Bare metal servers vs. virtual servers

What is the difference between a bare metal server and a virtual server?

How do you choose which one to use?

What about bare metal cloud?




In this post, we will discuss the characteristics of bare metal servers and virtual servers, and how bare metal cloud combines some of the benefits of both.


Bare Metal Server

A bare metal server is a “single tenant” physical server, meaning that the server is dedicated to one customer and not shared between multiple customers.  This prevents the “noisy neighbor” problem, where server performance is impacted by other customers’ workloads.

Bare metal servers are typically used for workloads that are latency sensitive and require a large amount of raw processing power, such as rendering, gaming, large relational databases, etc.


Virtual Server

A virtual server is hosted in a “multi-tenant” environment, where multiple virtual servers share the same physical hardware.  Virtual servers are easily scalable, but lack the performance and security of bare metal servers.

Virtual servers are commonly used for e-commerce, test and development for server applications, workload migrations, etc.


Simple Comparison of Bare Metal Server vs. Virtual Server


As can be seen from the chart above, choosing between a bare metal server and virtual server depends on your needs and budget.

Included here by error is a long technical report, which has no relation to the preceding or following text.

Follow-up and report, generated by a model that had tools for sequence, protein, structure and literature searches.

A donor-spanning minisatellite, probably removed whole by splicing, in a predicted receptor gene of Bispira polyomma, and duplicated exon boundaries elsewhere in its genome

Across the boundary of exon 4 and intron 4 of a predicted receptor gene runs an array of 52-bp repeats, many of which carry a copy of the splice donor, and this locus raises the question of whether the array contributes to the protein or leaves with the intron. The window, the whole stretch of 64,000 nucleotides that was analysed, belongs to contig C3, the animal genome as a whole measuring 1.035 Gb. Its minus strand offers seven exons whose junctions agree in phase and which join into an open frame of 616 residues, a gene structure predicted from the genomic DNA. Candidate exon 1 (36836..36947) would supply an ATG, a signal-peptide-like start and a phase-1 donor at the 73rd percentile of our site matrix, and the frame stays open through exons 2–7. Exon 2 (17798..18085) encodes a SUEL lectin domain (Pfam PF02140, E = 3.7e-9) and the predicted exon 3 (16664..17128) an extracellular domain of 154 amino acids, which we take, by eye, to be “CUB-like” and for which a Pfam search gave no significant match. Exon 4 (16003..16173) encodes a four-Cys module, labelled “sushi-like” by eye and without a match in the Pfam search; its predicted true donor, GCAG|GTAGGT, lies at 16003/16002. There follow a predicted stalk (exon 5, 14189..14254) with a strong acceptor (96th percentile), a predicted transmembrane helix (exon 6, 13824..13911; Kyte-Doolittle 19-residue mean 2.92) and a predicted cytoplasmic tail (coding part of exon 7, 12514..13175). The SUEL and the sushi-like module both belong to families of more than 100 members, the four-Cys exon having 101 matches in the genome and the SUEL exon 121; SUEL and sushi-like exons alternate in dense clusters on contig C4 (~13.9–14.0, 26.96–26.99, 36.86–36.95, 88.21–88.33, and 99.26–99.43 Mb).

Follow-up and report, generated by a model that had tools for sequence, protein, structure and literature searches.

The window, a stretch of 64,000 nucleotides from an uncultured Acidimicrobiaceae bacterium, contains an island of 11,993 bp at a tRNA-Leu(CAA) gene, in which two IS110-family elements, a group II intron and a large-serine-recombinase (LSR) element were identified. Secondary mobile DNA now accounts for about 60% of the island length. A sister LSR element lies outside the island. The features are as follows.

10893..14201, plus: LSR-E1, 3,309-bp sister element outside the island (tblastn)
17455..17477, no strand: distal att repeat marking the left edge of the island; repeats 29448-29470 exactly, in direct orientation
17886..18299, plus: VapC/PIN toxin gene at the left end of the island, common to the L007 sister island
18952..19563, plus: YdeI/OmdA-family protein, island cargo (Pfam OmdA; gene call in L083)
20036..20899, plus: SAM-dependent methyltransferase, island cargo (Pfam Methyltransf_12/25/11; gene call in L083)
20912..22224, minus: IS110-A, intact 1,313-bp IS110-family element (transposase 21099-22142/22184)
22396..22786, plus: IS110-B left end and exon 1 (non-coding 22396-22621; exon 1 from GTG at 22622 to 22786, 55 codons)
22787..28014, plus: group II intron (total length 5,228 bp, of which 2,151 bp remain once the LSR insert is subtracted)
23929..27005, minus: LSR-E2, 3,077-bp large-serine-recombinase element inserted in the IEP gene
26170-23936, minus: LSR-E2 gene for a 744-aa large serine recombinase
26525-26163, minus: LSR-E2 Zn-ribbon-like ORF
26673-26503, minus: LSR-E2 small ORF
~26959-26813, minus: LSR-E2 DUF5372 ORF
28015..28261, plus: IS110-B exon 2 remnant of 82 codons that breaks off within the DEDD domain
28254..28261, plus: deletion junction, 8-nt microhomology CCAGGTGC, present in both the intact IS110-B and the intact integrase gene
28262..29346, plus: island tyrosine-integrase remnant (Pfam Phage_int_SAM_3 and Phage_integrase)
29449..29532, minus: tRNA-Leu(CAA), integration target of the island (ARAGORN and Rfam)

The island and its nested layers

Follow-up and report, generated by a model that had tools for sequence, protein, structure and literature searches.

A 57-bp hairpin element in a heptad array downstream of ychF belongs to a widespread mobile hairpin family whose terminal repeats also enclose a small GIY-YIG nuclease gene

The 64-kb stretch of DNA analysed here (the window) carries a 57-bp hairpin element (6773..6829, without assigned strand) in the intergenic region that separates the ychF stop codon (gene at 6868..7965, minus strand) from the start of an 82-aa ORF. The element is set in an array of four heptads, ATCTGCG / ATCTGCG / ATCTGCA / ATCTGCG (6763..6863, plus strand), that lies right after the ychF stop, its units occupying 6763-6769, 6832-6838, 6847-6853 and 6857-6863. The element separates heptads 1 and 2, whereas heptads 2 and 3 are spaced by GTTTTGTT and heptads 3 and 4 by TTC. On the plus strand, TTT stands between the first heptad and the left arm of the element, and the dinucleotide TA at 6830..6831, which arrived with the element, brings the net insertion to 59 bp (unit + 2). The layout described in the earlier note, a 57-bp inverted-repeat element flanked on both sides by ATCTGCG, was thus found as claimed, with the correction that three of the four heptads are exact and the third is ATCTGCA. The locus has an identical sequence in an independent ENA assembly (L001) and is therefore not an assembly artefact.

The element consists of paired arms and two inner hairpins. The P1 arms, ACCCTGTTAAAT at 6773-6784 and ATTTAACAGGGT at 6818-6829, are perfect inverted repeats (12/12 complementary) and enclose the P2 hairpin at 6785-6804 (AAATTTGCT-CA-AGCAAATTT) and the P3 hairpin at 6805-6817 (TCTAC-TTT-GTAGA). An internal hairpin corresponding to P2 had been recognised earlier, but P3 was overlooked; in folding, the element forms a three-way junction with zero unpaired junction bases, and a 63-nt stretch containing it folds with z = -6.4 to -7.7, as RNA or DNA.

Bare Metal Cloud

Bare metal cloud delivers bare metal servers in a cloud setting, with on-demand access, high scalability and pay-as-you-go features.

According to a Forrester report in April 2015, bare metal cloud has several key advantages:

  • Bare metal clouds deliver dedicated hardware with cloud features
    Bare metal clouds offer a way to deploy workloads that demand dedicated hardware for performance and isolation reasons with all the operational advantages of virtual infrastructure-as-a-service cloud services.
  • Bare metal clouds are strong candidates for latency-sensitive workloads
    Because they eliminate the latency associated with virtual machines and their virtualized network and I/O, one of the strongest use cases for bare-metal cloud is workloads that require the lowest latency.
  • Bare metal cloud economics can be compelling with high load factors
    Despite the continued free fall in virtual cloud pricing, bare metal clouds can be cheaper on a per-workload basis for environments where the virtual machines are large and heavily loaded on a continual basis.


See Zenlayer’s bare metal cloud offerings


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